Pennsylvania Bill Aims to Regulate Food Processing Residue to Protect Rural Communities

capitol domeCredit: Commonwealth Media Services

HARRISBURG, PAState Representative Paul Friel introduced a bill this week that seeks to regulate how Pennsylvania manages food processing residue (FPR). House Bill 2393 aims to address the hazards posed by this waste in rural and agricultural areas. The bill proposes updates to the Solid Waste Management Act, adding necessary guardrails for handling FPR.

Food processing residue includes vegetable peelings, raw meat scraps, and wastewater containing blood, fat, and other byproducts. While FPR can benefit soil as fertilizer, it can cause significant problems, such as groundwater contamination and noxious odors. Surrounding states have restricted or banned FPR use, making Pennsylvania a target for cheap waste disposal.

“This bill – a bipartisan legislative solution to the problem – is the result of working with lawmakers from both sides of the aisle, the departments of Agriculture and Environmental Protection, affected community members, farmers, conservation experts, and industry stakeholders,” said Friel. “The goal is to make sure that FPR is used responsibly, contributing to the sustainability of our food supply, enhancing the health of our soil, preserving the quality of our groundwater, and preventing odor and other quality-of-life problems for our communities.”

Currently, Pennsylvania’s regulations on FPR are minimal. If someone claims compliance with the state’s Food Processing Residual Management Manual, there is no further oversight. No tracking, testing, or complaint system exists.

To improve control over FPR, Friel’s bill proposes several key amendments to the Solid Waste Management Act:

  1. Classification System: Differentiate between sources of FPR and establish a classification system to guide safe storage, handling, and application requirements.
  2. Animal Product Processing: Require FPR sourced from animal products to be processed before storage or use on farms.
  3. Documentation Requirements: Mandate detailed documentation of the FPR’s makeup and nutrient content before application on farmland.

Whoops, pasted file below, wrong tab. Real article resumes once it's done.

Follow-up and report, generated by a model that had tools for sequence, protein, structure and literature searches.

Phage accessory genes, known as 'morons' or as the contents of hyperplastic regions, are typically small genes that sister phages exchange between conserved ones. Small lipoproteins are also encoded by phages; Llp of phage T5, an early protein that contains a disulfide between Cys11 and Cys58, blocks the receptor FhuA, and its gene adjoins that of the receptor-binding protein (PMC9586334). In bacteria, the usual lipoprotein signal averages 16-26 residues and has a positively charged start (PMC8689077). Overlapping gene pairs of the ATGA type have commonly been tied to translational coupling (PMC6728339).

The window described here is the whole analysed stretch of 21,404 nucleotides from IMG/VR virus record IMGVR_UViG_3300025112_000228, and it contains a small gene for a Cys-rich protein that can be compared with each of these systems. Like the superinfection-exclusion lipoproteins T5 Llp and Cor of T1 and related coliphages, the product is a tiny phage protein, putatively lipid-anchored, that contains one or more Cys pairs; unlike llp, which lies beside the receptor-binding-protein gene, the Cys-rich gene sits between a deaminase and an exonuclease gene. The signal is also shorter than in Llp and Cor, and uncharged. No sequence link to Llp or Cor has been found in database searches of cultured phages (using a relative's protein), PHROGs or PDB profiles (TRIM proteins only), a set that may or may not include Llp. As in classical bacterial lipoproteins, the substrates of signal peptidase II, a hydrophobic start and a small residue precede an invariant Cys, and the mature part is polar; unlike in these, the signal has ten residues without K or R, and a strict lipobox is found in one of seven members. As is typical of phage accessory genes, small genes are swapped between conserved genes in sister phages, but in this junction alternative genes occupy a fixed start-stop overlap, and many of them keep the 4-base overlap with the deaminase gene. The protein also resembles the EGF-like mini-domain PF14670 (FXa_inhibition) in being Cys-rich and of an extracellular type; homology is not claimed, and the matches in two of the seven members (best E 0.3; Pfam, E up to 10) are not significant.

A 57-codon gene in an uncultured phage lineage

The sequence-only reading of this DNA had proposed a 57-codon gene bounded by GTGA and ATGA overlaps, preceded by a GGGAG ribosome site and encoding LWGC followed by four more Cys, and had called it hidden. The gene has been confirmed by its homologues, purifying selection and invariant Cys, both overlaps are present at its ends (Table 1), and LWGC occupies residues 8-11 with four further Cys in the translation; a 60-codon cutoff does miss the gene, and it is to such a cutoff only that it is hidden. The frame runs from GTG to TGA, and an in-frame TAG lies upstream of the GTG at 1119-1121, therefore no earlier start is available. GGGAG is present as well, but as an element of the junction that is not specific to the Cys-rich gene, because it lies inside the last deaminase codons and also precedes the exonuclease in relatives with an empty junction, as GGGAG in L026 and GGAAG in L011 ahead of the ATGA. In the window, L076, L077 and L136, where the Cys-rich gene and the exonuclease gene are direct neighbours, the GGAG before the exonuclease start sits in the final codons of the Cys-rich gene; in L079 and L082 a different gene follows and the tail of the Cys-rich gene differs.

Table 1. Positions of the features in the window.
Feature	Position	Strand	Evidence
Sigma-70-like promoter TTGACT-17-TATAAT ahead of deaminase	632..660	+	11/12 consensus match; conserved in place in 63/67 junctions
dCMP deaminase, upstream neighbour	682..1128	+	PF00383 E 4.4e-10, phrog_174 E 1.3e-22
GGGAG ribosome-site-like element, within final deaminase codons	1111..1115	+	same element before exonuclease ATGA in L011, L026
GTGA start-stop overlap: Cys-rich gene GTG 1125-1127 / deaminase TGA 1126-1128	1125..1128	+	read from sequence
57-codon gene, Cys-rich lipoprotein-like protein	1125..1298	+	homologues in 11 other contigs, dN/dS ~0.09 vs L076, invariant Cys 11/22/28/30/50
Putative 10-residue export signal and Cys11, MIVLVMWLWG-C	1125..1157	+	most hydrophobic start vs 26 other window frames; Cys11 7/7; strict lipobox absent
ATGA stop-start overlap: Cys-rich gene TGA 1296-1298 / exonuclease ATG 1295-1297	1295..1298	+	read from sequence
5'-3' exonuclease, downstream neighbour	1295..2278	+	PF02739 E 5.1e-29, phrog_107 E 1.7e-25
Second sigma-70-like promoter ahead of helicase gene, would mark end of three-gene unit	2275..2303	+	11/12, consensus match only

4. Application Plans: Include nutrient levels in application plans, which must be reviewed by local conservation districts.
  5. Licensing: Require brokers and haulers of FPR to be licensed by the state.
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The proposed legislation aims to strike a balance between utilizing FPR as a resource and mitigating its potential risks. By establishing clear guidelines and oversight, the bill seeks to prevent Pennsylvania from becoming a dumping ground for hazardous food processing waste.

Regulating Food Processing Residue in PA: A Path to Healthier Communities

These changes could have widespread implications. Effective regulation of FPR can protect water quality, reduce unpleasant odors, and ensure the safe use of agricultural land. It also addresses public concerns about environmental and health impacts. Properly managed FPR can enhance soil health, contributing to sustainable agriculture practices.

Moreover, the bill emphasizes the collaborative approach taken to develop this legislation. Involving various stakeholders ensures the policies are practical and beneficial. This cooperation can serve as a model for addressing other environmental and public health issues.

In summary, House Bill 2393 represents a proactive effort to regulate food processing residue in Pennsylvania. By updating the Solid Waste Management Act, the bill aims to protect rural communities, enhance agricultural practices, and prevent environmental degradation. As the bill progresses, its potential to improve the quality of life for many Pennsylvanians will be closely watched.

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